"Ferruginous" means "rust-colored"--a good description for this big hawk. It can often be seen soaring in wide circles in the sky in open country. This hawk is very rare in Minnesota, but it is seen occasionally along the western edge of the state. No nests have been recorded here.
General description: Like other buteos, the ferruginous hawk has broad wings and a broad tail. When it is flying high above you, you might be able to identify it by a reddish V formed by its dark legs against its lower body.
Size: The ferruginous hawk grows to a length of 23 to 25 inches. Its wingspan can stretch more than 4 feet.
Color: Most ferruginous hawks are rusty with a pale underside and reddish legs and tail. They have black on the tips of their wing feathers. There is also a less-common dark version.
Sounds: The ferruginous hawk's call is a descending kree-e-ah.
Ferruginous hawks usually begin to breed when they are two years old. They make their nest in a bush or tree or on a hillside. The female lays three to five spotted eggs (generally, the better the food supply, the more eggs she will lay). Both parents incubate the eggs until they hatch after 28 to 36 days. Young fledge after 38 to 50 days in the nest. The nest may be reused from one year to the next.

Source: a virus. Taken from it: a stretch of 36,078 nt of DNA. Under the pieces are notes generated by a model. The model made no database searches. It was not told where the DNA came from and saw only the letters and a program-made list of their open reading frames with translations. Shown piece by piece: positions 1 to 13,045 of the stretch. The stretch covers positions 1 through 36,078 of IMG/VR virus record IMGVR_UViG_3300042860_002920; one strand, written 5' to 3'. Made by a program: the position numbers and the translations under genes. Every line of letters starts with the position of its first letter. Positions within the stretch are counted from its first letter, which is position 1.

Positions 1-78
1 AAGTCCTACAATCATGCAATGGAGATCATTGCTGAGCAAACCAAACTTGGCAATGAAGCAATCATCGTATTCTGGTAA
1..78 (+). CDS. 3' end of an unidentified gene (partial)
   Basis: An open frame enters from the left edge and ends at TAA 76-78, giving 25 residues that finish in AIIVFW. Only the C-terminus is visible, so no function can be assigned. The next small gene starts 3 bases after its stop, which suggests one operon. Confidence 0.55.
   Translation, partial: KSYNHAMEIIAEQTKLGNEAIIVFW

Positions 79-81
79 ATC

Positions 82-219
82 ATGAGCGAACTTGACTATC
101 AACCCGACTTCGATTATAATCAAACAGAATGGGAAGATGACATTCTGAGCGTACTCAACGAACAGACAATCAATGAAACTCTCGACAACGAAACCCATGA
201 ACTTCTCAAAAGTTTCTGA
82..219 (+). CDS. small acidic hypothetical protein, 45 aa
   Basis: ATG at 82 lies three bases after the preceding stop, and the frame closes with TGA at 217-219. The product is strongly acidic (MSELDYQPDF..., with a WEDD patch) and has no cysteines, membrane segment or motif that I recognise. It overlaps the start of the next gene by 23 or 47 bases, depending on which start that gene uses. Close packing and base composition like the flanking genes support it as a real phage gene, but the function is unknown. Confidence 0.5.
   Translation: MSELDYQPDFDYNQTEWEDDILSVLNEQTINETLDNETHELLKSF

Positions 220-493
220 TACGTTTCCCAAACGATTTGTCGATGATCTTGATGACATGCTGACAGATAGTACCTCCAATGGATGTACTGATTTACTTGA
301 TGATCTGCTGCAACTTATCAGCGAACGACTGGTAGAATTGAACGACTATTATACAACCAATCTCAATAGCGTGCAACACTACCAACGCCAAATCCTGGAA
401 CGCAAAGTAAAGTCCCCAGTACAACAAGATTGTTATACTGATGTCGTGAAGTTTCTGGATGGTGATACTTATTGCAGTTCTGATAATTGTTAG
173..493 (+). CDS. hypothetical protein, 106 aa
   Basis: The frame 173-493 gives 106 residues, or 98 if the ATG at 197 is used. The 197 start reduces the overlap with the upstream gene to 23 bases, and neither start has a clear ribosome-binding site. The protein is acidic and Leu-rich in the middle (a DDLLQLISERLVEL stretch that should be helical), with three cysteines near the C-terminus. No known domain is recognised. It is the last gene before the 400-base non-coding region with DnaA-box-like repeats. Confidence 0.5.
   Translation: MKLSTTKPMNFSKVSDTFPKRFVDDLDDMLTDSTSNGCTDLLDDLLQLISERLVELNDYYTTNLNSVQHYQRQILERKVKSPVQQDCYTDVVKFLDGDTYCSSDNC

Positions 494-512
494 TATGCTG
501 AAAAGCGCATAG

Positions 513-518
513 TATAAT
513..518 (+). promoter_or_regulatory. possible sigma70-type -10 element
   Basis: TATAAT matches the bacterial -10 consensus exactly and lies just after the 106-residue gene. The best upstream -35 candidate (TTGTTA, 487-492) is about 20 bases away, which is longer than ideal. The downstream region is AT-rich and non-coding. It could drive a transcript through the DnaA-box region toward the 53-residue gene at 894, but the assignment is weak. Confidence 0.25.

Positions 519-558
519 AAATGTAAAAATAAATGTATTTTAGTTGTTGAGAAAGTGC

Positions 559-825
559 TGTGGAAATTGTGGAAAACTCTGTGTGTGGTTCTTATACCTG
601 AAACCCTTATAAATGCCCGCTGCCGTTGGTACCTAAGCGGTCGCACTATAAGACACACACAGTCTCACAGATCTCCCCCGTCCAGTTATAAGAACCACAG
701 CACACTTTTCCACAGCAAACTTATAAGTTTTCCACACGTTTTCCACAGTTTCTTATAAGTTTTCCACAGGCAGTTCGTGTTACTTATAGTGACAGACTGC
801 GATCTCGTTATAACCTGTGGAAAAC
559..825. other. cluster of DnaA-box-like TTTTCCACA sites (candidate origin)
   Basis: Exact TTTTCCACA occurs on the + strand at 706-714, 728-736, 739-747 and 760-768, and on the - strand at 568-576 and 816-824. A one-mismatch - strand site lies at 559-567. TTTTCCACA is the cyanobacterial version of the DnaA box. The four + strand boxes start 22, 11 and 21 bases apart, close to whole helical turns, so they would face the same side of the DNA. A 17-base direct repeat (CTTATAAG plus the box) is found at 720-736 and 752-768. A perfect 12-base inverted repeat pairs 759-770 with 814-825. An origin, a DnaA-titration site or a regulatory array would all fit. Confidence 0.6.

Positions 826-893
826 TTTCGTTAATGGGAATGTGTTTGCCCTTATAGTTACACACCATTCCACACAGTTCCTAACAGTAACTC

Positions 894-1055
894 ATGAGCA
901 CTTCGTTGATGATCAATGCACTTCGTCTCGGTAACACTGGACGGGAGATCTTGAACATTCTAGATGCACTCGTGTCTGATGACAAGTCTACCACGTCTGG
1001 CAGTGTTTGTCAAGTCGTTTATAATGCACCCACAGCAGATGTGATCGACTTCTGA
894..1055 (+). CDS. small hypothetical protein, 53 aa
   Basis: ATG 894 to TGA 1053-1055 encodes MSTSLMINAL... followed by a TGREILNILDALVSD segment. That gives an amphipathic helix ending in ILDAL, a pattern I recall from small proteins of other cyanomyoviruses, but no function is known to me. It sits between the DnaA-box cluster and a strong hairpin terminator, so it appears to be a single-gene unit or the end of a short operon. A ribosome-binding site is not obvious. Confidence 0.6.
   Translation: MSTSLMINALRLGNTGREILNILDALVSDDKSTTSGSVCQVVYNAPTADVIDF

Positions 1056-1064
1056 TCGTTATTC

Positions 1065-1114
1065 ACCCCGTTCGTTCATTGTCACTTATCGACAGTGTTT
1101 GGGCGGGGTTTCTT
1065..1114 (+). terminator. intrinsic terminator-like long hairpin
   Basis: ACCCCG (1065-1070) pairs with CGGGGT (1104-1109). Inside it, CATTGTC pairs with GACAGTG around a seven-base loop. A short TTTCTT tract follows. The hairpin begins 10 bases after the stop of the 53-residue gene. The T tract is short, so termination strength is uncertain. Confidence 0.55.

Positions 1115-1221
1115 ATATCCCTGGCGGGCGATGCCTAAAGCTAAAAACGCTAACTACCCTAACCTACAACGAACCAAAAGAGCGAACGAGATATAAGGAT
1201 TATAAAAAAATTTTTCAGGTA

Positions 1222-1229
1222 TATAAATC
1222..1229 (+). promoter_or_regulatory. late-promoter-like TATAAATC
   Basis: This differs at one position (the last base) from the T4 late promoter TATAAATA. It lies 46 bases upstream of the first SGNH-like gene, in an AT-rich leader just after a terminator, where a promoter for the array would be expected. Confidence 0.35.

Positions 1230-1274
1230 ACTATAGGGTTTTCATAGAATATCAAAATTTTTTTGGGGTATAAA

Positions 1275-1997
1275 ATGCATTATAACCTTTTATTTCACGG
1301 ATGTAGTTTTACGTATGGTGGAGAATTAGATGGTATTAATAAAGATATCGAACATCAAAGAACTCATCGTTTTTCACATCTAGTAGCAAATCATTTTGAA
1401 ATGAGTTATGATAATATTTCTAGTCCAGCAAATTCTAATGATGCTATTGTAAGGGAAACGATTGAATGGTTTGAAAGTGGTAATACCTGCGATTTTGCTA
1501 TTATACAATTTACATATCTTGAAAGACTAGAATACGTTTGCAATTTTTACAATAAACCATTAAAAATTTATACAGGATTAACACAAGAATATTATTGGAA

Ferruginous hawks eat mainly mammals such as jack rabbits, prairie dogs, and ground squirrels. They may also eat insects, birds, and lizards.
Eagles, prairie falcons, great-horned owls, coyotes, and fox can all rob ferruginous hawk nests of eggs and young.
Habitat and range
These hawks soar in open, dry country mainly west of Minnesota. They like living in grasslands.
Population and management
To encourage ferruginous hawks in an area, managers must make sure there are large stretches of undisturbed land, trees for nesting, and habitat to support their prey species. Because these hawks abandon their nests if people bother them, they must have access to undisturbed nesting sites.
Male and female ferruginous chicks develop at different rates. Females can take up to 10 days longer to fledge. However, like most birds of prey, they also grow up to be bigger than the males.